Today’s blog is about David Bowie. On the anniversary of his death, how could it not be? Two years have passed (24 months, 104 weeks, 730 days) since we first heard the punch-in-the-guts kick-in-the-testicles news that Bowie had left us, departed our little blue-green planet and headed off to another realm.
I’m not a religious person. I don’t believe in heaven, nirvana, the beyond or wherever it is we supposedly go after we die, but I’d like to think Bowie’s still out there somewhere. He was the Starman, Ziggy Stardust. He was Major Tom “sitting in a tin can far above the world”. He sang about the possibility of life on Mars. If he’s going to be anywhere at all, then surely Bowie’s in space (Flight of the Conchords)
(To see more of the Bowie episode, click here Flight of the Conchords – Bowie)
Flight of the Conchords hit the nail on the head when they called Bowie a “freaky old bastard” because that’s what he was. He was zany and eccentric, an anomaly, an aberration, an original, but that’s what we so loved and admired about him. He was an unpredictable character. Just when we had become familiar with one of his colourful personas, he’d move on, change direction, do something completely and utterly different and daring.
From the start, he seemed fearless and unafraid to do things that weren’t very “rock and roll”. In 1967 he released a completely bonkers novelty single, The Laughing Gnome (which surprised and confounded critics by reaching number 6 on the charts, but which I, perversely, rather liked). Years later, he teamed up with old American crooner, Bing Crosby, to record a Christmas song (Little Drummer Boy/Peace On Earth). Somehow, despite having vastly different musical styles, their duet worked. When it came to Bowie, it seemed that we should learn to expect the unexpected!
Bowie was a trendsetter and trailblazer in fashion too. His many different personas and looks were like nothing we had seen before, unique, iconic, frequently bizarre and outrageous, but undeniably hugely influential on the pop culture of the time.
Aside from as music, he was a half decent thespian too, showing a flair for acting in comedy cameos (in TV show Extras and the movie Zoolander) and in a diverse and eclectic mix of roles in movies including The Man Who Fell To Earth, Merry Christmas, Mr Lawrence, the Elephant Man, and a personal favourite of mine, quirky 80s movie, Labyrinth (Magic Dance) (really, who other than Bowie could have made the goblin king so damn sexy and beguiling?)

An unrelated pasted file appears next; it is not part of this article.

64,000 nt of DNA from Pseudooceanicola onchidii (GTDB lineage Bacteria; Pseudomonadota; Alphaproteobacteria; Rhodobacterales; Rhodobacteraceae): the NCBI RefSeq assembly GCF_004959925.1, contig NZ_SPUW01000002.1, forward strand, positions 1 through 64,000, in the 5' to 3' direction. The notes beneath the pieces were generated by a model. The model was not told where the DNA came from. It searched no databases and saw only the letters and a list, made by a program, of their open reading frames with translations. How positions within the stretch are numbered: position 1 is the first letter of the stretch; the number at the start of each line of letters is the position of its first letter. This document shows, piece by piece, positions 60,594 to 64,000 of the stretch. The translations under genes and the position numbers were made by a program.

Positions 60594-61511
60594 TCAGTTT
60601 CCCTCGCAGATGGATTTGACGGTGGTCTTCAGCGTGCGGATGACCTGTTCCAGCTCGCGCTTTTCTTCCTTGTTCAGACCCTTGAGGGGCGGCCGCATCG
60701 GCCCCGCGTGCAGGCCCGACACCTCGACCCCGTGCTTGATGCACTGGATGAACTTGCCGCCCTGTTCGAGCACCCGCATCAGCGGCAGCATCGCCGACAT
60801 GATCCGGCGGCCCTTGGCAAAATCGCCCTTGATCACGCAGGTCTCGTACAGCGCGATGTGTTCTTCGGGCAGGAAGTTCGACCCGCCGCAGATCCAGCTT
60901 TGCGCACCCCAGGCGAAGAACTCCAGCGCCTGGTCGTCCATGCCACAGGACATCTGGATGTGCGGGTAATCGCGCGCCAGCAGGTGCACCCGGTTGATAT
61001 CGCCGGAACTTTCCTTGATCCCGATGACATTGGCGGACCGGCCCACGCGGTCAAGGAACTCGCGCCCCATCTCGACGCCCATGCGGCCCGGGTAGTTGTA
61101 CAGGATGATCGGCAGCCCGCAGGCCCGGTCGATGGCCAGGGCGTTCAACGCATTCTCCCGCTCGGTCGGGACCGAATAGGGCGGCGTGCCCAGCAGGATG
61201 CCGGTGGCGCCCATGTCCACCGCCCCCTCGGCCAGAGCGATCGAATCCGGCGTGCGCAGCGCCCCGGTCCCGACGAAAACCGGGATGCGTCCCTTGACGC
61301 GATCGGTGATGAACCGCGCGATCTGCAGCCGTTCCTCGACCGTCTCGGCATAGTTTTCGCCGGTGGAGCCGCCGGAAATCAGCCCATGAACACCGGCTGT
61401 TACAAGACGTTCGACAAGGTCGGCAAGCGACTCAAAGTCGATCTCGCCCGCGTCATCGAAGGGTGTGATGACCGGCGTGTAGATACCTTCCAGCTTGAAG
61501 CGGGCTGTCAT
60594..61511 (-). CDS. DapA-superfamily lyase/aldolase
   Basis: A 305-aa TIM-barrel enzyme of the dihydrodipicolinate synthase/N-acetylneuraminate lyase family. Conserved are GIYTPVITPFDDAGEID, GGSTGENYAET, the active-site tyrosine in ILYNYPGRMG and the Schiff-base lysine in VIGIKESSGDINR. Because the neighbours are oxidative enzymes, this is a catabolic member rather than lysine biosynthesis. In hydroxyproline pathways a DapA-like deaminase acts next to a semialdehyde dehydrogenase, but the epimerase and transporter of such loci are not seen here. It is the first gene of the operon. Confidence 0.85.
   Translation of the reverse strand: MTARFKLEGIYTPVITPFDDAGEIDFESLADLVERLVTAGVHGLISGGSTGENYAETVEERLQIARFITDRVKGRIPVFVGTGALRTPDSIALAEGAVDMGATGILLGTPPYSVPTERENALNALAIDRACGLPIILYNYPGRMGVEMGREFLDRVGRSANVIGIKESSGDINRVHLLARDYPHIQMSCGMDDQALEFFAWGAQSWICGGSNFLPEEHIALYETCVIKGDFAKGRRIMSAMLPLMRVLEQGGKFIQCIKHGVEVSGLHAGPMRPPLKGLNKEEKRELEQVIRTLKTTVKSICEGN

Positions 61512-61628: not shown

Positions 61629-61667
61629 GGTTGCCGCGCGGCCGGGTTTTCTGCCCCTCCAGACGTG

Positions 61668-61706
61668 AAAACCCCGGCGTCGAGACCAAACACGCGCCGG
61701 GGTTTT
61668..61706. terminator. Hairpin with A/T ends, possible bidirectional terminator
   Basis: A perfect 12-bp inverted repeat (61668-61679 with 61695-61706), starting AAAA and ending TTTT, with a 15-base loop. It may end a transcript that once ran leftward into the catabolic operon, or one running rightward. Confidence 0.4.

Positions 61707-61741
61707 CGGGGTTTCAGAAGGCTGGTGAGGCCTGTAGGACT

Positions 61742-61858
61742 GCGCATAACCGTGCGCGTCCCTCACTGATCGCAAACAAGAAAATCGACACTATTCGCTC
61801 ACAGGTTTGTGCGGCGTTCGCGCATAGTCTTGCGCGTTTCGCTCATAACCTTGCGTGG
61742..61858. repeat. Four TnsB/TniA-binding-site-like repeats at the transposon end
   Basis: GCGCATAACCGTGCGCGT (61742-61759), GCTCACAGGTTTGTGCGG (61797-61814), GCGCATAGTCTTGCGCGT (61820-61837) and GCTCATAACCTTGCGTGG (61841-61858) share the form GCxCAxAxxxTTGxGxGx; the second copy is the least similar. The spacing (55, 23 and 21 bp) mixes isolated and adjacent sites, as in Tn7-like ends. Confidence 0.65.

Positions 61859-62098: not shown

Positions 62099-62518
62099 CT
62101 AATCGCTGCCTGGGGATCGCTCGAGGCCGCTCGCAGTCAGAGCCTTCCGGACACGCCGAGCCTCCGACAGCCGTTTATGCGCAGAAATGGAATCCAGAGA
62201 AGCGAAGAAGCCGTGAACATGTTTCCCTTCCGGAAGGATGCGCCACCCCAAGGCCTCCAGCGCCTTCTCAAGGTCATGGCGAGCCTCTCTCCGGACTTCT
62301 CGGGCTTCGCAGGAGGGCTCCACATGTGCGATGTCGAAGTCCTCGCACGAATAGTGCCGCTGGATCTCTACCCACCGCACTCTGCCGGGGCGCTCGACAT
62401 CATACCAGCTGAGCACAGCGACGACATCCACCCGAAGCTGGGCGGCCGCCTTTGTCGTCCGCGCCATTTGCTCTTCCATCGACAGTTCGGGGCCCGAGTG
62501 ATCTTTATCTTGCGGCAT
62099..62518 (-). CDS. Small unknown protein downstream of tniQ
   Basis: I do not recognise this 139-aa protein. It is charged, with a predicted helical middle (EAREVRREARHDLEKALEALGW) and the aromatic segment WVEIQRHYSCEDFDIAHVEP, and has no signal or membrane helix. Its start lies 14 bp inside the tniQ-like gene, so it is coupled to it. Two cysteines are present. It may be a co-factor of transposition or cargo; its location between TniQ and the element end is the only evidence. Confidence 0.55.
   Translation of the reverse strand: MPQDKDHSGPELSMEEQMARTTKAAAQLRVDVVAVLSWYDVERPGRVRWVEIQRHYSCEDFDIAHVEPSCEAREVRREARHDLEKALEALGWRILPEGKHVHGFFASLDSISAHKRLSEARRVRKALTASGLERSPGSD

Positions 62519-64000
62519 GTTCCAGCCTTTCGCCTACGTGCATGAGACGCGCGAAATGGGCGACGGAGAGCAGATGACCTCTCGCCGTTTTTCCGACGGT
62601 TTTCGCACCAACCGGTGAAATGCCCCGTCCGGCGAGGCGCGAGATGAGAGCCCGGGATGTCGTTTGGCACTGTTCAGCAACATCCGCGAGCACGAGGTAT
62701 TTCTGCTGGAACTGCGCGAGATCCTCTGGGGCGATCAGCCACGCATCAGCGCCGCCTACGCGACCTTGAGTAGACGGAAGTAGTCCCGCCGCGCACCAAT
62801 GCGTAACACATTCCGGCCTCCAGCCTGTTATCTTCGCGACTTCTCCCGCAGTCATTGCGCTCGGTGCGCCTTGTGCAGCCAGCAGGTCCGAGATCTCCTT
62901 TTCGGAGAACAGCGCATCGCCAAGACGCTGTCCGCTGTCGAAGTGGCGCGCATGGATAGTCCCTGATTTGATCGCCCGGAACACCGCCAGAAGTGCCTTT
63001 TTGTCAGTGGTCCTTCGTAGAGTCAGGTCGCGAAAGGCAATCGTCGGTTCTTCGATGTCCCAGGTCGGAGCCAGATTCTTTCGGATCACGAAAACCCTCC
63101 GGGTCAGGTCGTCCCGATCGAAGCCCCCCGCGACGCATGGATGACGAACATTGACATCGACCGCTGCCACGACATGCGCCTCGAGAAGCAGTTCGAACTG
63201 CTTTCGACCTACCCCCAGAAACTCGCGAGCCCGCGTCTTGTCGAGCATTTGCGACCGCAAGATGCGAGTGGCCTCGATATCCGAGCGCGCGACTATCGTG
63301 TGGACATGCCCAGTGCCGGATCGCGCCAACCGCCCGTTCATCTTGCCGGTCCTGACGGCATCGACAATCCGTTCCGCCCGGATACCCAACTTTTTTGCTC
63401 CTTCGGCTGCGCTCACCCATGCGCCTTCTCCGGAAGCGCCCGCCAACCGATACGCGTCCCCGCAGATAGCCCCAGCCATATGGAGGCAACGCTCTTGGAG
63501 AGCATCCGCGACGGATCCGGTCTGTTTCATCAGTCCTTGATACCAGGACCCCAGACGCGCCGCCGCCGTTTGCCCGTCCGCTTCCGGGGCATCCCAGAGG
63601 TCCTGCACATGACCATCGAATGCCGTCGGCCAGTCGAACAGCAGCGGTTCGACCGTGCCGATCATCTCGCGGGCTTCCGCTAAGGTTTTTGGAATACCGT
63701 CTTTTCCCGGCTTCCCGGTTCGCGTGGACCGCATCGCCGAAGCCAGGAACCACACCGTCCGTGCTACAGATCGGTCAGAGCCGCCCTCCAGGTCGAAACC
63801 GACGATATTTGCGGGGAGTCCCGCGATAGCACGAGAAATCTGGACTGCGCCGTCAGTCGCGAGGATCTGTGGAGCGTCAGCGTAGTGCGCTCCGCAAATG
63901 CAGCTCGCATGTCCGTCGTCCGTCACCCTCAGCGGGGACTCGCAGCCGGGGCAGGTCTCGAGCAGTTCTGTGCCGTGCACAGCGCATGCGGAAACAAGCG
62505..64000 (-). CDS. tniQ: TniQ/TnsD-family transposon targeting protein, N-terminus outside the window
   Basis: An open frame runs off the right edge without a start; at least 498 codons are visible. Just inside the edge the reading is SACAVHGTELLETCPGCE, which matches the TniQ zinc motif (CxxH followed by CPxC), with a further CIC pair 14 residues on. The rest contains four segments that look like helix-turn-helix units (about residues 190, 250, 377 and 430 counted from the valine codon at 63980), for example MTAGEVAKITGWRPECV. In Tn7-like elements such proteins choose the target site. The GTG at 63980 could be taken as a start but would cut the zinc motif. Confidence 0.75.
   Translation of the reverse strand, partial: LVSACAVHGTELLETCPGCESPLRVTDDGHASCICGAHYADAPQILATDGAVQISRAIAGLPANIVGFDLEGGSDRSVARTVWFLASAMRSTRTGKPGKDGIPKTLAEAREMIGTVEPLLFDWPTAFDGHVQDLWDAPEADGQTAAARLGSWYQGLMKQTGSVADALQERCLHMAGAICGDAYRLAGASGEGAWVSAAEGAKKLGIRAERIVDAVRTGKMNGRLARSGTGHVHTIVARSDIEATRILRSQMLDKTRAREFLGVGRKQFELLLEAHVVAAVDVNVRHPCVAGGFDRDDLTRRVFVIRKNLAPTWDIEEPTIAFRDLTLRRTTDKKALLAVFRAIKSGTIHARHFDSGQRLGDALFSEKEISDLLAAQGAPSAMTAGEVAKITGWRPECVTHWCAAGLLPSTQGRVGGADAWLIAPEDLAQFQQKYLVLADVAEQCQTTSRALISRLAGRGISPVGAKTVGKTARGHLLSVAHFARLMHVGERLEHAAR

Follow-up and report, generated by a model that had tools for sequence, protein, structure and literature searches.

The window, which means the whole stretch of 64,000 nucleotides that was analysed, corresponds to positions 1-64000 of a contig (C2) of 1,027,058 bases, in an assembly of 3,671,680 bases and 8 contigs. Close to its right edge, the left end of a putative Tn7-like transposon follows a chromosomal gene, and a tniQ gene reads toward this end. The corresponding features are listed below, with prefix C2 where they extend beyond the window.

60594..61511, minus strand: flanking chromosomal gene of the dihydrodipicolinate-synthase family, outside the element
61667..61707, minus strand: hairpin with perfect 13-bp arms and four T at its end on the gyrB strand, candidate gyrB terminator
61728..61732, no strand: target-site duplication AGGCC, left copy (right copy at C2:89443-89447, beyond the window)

He seemed like a decent man too: he was a philanthropist, a supporter of charity organisations, an outspoken opponent of racism (once calling out MTV for not playing the music of black artists). He was no saint and didn’t profess to be. He was always simply and unapologetically himself. People who knew him talk about his amazing sense of humour and how funny he was. Certainly, he didn’t seem to take life or himself too seriously. When water was discovered on Mars, for instance (suggesting the possibility of life on the Red Planet), Bowie contributed to a tongue-in-cheek article demanding that journalists Stop calling my house about water on Mars!
I find these facets of Bowie’s personality – his humour and his humanity – lovable and endearing, To me, they make him seem almost like an ordinary man, someone you’d be proud to know. Bowie was no mere mortal though. He was a true rock God, a supreme showman, a rare and exceptional talent. I was hugely emotional when I heard he’d passed away, Two years on, the thought of his absence from our world can still bring me to tears. I miss him.